Tom Torkar
Posted on 10 May 2013

Perfect harmony? The new Consumer Rights Directive

The European Parliament approved the Consumer Rights Directive on 23 June 2011.  Member States will have two years in which to implement the Directive into local law.  The rules will impact e-retailers with activities in EU member states with the increased burden and cost of compliance. So retailers should be aware of these future changes and factor this into their medium to long-term plans for cross-border sales.

Harmonisation

The directive was intended to create a uniform set of consumer rights across the EU for distance sales and door-step sales and was originally designed as a full harmonisation measure. 

The original proposal proved to be controversial as it reduced protection in some member states.  As a result the proposal was scaled back and various provisions were dropped. Furthermore, member states are free to take stronger measures if they choose to. There will therefore be a minimum level of protection.  It does, however, mean that traders who wish to trade across the EU will still have to review their online processes and terms and conditions for compliance with the different countries' consumer protection regimes.

Key areas to be aware of!

Increased cancellation rights for consumers:

Once the Directive is implemented, the consumer will have a period of 14 days from receipt of the goods or from conclusion of contracts for services in which to cancel a distance or doorstep contract.  This is longer than the current period of seven working days in the United Kingdom (under the Consumer Protection (Distance Selling) Regulations 2000).  The price for the goods or services will have to be reimbursed and the consumer will be obliged to return the goods within 14 days.

Much like the current regime, there are requirements to provide information to consumers.  If a trader fails to inform the consumer about the cancellation rights, the period in which the consumer can cancel will be extended to one year.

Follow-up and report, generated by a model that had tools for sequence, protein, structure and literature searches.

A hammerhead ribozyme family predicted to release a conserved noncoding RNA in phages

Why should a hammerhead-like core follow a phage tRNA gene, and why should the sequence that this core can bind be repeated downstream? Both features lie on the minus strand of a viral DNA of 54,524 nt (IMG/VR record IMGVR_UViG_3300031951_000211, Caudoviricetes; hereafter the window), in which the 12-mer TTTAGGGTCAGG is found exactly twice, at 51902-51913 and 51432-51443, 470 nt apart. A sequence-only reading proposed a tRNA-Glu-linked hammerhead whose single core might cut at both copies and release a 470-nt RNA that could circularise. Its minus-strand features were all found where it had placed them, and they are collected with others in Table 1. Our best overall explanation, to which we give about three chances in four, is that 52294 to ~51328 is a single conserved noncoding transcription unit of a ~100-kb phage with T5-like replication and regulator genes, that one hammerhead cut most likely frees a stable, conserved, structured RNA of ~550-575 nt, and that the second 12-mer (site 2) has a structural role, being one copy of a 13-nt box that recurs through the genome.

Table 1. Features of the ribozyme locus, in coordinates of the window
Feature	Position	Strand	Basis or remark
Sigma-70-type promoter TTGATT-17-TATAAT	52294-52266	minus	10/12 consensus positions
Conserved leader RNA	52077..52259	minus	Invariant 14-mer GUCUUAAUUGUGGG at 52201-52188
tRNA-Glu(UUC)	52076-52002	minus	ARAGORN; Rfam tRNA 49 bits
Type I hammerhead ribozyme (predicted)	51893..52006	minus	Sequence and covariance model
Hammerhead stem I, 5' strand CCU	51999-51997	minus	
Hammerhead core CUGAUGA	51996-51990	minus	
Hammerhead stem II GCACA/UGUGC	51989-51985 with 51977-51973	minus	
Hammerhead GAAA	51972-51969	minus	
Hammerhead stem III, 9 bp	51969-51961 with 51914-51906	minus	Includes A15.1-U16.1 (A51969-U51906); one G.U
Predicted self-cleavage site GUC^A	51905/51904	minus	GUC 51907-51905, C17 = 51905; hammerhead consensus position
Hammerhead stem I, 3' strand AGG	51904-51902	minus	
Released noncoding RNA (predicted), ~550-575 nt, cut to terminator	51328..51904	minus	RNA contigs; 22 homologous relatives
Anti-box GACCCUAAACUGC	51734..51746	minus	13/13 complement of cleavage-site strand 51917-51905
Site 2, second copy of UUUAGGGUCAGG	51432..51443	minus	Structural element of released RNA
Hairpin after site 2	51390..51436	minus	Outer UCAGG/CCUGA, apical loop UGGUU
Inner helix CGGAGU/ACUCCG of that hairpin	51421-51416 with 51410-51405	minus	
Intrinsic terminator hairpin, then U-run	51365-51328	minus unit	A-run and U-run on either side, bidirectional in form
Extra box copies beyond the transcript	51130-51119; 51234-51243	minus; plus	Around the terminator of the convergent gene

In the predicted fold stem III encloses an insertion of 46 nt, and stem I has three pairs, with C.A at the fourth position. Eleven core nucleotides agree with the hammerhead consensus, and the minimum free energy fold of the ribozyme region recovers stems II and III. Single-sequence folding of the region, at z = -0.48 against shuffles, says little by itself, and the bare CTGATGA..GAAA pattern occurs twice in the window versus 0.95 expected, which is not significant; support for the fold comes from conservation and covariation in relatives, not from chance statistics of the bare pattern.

Delivery/return costs:

Retailers should note that costs of sending the goods to the consumer are to be borne by the retailer, unless the consumer opts for shipping method which is more expensive than the one offered by the trader.

Retailers will be required to reimburse the cost of goods and services if the consumer cancels within the cancellation period for whatever reason. The retailer will be entitled to withhold reimbursement of the cost of goods until they receive the goods, or at least until they receive evidence that the consumer has sent back the goods. 

As is the case under the current UK Distance Selling Regulations, provided that the consumer is informed of the return costs, retailers can require the consumer to bear the costs of returning the goods.  Under the original draft form of the Directive, retailers were required to bear all the costs of returning goods where the purchase was above 40 Euros. Retailers lobbied against this arguing that it would increase the cost of the goods (particularly for long distance sales).

No excessive charges for methods of payment:

Retailers will not be able to charge a fee for a payment method which exceeds the cost to the trade of providing that payment method.  This will prevent retailers from charging excessive fees for payments by credit card - an issue which has been highlighted by the Office of Fair Trading and consumer protection groups in the UK for some time.

No premium rate telephone numbers:

If a seller operates a customer service telephone number, it must be charged at the basic rate.  Premium rate telephone calls are prohibited.

No default tick boxes:

Before a consumer enters into a contract, the retailer must inform the consumer of any extra fees over and above the cost of goods (such as insurance or premium delivery methods) and services and obtain the consumer's express consent before charging these.  The retailer cannot rely on default options which require a consumer to reject them to avoid any additional fees.  A retailer would not be permitted to use pre-populated tick boxes to charge for items.

What should retailers do in the short term?

Our advice would be that any retailers looking to sell into other member states should be aware that their terms and conditions and selling processes should be tailored to the legal requirements in that member state.  Even when the new Directive is implemented across the EU, retailers will still need to consider compliance with local consumer protection laws in the countries that they target for sales.